Squiffy Teddy Does… The Hinkley Point C Connection Project


Hardly a week goes by without a new resident action group being formed to stop developers from plonking housing onto areas of outstanding natural beauty. The main problem that the South West of England has, is that these outstanding areas are everywhere.

This time the villain is British Energy Generation Limited, who are part of EDF Energy. They have applied to the National Grid with proposals to connect a new 3600MW nuclear power station to the national electricity transmission network. This power station is to be built close to the existing generating plant at Hinkley Point and is named the Hinkley Point C Connection Project.

This will mean work is needed to reinforce and upgrade the network to accommodate the extra power and will see the construction of a new 400,000 volt overhead line to link a substation in Bridgewater to a substation at Seabank in Avonmouth. Estimated costing for this line is expected to run in at £2 million per mile.

Pylons for these power lines will tower approximately 46.5 meters high along a proposed route of 37 miles in length, which ever route is decided upon.

From the initial environmental studies carried out by the National Grid, two potential ‘route corridors’ have been identified. A route corridor is a width of land along which an overhead line could be routed. The width of the corridor is significantly wider than the actual amount of land needed for the power line.

This route corridor will also help to connect other power generation facilities planned in the area to  ‘help the Government meet its renewable energy targets by 2020’.

Corridor One:

The first corridor would decommission an existing 132,000 volt overhead electricity line, standing at 26.4 meters in height. This already runs between Bridgewater and Seabank. The same route could be adopted for the new 400,000 volt line. This would mean a new substation would be needed at Churchill, North Somerset and a new 4km length of 400,000 volt overhead line to connect  it with the new Bridgewater to Seabank overhead line.

A second option in this corridor is to keep the existing 132,000 volt overhead line and build the proposed 400,000 volt line in parallel.

Corridor Two:

One option for Corridor Two is to follow a route east of the existing 132,000 line from Bridgewater before joining it up at the Mendips. Then, either run parallel and to the east of the M5 Motorway or follow the existing 32,000 volt line.

Option two in this Corridor will involve possible routes from the Churchill Substation, one to the east of the existing line and one to the west, converging north east of Weston Super Mare. All three possible corridors then involve going past east Nailsea – actually in Wraxall – before rejoining the existing 132,000 volt overhead line near Portishead and on to Seabank.

National Grid hope to make a final application to the Infrastructure Planning Commission in the summer of 2011, with construction to take place between 2012 and 2017.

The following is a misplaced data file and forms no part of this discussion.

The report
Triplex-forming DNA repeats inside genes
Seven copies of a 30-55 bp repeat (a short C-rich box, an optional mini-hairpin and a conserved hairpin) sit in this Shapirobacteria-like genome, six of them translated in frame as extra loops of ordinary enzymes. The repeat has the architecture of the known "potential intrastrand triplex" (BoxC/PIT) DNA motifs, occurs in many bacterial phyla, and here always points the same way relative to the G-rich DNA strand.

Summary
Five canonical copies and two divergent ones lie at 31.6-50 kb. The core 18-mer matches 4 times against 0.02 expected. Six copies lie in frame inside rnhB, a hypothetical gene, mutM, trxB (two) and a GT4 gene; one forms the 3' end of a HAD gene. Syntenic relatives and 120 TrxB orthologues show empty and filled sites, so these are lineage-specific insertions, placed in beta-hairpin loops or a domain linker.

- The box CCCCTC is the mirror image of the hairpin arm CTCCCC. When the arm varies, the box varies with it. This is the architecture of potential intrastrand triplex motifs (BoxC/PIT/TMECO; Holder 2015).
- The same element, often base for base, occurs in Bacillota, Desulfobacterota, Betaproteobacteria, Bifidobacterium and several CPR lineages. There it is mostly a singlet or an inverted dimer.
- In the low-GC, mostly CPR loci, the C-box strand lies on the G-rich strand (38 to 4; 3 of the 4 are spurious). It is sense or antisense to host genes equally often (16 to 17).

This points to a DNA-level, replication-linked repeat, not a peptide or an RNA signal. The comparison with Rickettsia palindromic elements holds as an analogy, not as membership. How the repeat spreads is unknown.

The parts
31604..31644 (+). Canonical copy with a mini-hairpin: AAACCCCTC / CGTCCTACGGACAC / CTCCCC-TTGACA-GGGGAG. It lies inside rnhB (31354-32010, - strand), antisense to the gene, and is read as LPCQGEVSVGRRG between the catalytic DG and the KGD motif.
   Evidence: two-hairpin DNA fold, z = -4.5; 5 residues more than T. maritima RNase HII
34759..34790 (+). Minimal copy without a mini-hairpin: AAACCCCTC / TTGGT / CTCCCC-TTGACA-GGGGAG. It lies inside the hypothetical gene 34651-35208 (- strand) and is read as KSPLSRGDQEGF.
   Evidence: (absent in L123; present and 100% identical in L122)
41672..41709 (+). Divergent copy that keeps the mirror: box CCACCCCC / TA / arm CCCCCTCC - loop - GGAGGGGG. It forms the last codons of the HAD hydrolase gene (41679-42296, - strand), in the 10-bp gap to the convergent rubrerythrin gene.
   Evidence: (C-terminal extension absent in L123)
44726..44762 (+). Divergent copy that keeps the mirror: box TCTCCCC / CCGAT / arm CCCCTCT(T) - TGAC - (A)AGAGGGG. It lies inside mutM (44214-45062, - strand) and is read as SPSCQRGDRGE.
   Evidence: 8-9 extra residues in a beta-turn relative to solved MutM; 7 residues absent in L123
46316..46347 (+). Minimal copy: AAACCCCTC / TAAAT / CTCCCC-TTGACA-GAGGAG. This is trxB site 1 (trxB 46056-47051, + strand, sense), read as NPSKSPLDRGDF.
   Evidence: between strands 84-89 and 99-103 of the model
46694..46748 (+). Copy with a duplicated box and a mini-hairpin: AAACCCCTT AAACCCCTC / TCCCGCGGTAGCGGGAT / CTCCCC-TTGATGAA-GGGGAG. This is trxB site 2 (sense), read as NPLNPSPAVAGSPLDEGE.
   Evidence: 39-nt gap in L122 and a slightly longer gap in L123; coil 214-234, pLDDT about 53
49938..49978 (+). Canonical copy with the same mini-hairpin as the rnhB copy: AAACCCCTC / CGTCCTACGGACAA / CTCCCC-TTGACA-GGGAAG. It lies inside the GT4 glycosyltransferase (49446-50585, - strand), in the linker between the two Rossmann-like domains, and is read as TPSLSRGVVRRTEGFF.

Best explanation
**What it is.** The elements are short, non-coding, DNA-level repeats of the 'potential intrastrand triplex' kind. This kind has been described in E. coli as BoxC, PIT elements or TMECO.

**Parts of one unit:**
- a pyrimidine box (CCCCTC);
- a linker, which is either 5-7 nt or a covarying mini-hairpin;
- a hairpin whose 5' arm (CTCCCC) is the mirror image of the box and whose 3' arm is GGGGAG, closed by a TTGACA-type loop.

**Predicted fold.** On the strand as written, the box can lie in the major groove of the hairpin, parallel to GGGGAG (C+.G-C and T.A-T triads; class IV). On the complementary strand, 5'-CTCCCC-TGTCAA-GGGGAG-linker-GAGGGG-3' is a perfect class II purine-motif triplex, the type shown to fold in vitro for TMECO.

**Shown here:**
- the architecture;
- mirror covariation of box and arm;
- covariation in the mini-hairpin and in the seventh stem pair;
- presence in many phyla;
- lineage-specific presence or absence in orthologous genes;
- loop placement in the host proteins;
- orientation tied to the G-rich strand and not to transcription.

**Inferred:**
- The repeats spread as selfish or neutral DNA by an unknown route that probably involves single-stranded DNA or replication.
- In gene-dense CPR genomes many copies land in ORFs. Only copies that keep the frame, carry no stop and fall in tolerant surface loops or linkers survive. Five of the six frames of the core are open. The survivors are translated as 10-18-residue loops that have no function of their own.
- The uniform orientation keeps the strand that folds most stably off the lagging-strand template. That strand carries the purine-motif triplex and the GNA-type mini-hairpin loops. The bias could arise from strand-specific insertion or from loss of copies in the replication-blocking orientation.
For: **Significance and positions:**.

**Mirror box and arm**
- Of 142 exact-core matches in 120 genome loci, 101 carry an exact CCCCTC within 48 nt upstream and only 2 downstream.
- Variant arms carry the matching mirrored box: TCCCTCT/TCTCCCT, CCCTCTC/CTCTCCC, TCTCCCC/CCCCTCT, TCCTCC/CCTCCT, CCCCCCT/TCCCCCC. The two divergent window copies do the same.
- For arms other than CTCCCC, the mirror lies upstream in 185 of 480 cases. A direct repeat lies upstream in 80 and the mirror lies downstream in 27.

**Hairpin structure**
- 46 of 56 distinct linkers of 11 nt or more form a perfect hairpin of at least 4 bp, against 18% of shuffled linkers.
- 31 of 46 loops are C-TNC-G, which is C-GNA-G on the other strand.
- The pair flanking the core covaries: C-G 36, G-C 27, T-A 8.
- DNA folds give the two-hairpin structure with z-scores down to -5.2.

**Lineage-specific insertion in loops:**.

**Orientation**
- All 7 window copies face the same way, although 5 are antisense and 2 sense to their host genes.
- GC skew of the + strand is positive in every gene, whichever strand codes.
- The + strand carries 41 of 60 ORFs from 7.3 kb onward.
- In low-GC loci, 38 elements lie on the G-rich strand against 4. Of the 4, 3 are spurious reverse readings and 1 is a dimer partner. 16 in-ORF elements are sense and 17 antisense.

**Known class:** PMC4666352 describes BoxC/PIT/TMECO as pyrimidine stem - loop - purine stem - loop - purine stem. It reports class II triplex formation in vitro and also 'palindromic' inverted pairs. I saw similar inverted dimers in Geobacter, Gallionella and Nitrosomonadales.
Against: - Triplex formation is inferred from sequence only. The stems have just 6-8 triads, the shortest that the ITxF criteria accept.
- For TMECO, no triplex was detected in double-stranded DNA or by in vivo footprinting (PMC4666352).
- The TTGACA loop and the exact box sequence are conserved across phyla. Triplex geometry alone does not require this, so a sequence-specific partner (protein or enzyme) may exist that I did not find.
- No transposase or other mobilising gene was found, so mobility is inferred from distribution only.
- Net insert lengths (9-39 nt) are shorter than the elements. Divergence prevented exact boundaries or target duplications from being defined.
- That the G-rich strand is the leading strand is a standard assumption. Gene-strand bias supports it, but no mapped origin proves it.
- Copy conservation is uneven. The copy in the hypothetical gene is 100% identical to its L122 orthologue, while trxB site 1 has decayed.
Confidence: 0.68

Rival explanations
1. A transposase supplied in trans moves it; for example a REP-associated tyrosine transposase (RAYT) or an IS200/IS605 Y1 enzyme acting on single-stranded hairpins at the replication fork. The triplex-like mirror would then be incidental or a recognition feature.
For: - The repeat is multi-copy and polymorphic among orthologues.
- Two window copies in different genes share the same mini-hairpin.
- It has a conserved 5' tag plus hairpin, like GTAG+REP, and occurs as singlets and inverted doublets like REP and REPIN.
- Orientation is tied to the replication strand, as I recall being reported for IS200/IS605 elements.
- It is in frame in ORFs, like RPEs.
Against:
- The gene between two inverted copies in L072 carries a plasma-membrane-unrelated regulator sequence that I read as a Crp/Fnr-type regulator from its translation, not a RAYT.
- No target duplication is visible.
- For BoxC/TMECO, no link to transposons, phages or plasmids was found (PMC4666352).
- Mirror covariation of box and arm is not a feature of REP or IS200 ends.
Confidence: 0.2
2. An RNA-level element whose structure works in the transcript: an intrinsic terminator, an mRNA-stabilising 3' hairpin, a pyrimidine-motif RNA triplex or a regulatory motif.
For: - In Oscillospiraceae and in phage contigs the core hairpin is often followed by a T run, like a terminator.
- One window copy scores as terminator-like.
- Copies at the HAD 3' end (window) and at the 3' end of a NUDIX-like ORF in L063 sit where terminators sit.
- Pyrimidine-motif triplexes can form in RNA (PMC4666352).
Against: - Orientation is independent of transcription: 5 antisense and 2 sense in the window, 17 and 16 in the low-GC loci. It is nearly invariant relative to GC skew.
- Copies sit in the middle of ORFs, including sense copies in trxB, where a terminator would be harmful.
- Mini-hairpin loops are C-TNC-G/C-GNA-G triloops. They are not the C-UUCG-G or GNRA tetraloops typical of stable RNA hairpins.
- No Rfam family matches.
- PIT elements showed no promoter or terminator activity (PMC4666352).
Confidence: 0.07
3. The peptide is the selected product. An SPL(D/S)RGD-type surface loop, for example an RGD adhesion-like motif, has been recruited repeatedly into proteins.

What does this mean for the town of Nailsea?

The controversial corridor two will run alongside the east side of Nailsea. This is actually in the beautiful countryside of Wraxall, of which its outstanding views can be seen from the historic parks at Tyntesfield. The corridor will run alongside the family filled Elms estate, over the picturesque Wraxall All Saint’s Church, over the popular Wraxall C of E VA  Primary School and on over Noah’s Arc Zoo Farm.

Quite apart from the severe damage the 46.5 meter high power line tearing through the beautiful Wraxall countryside is likely to do, there are serious health concerns about the location of high voltage power lines and the effect that their electromagnetic fields (EMFs) have on people, especially children.

EMFs are a form of non-ionising radiation and a physical field which is produced by an electrically charged object. The higher the voltage, the stronger the physical field. Though EMFs do occur naturally such as from the earth’s own magnetic field and electrical storms, these natural EMFs are of a very low strength.

EMFs which have higher frequencies are of more concern. They come from man made objects such as electrical appliances and overhead power lines. A variety of studies have found health risks linked to exposure to these kind of EMFs which include childhood cancers, increased rates of depression and suicide in adults, unexplained tumours, miscarriages and breast cancers. It is believed that high EMFs impair the immune system, affect the central nervous system and influence the body’s control of cell growth.

In 2004, the National Radiological Protection Board recommended that the Government should ‘consider the need for further precautionary measures in respect of exposure of people to EMF’.

The same year the Stakeholder Advisory Group on EMF (SAGE) was set up. SAGE is funded equally by the Department of Health, the energy industry and charity Children with Leukaemia.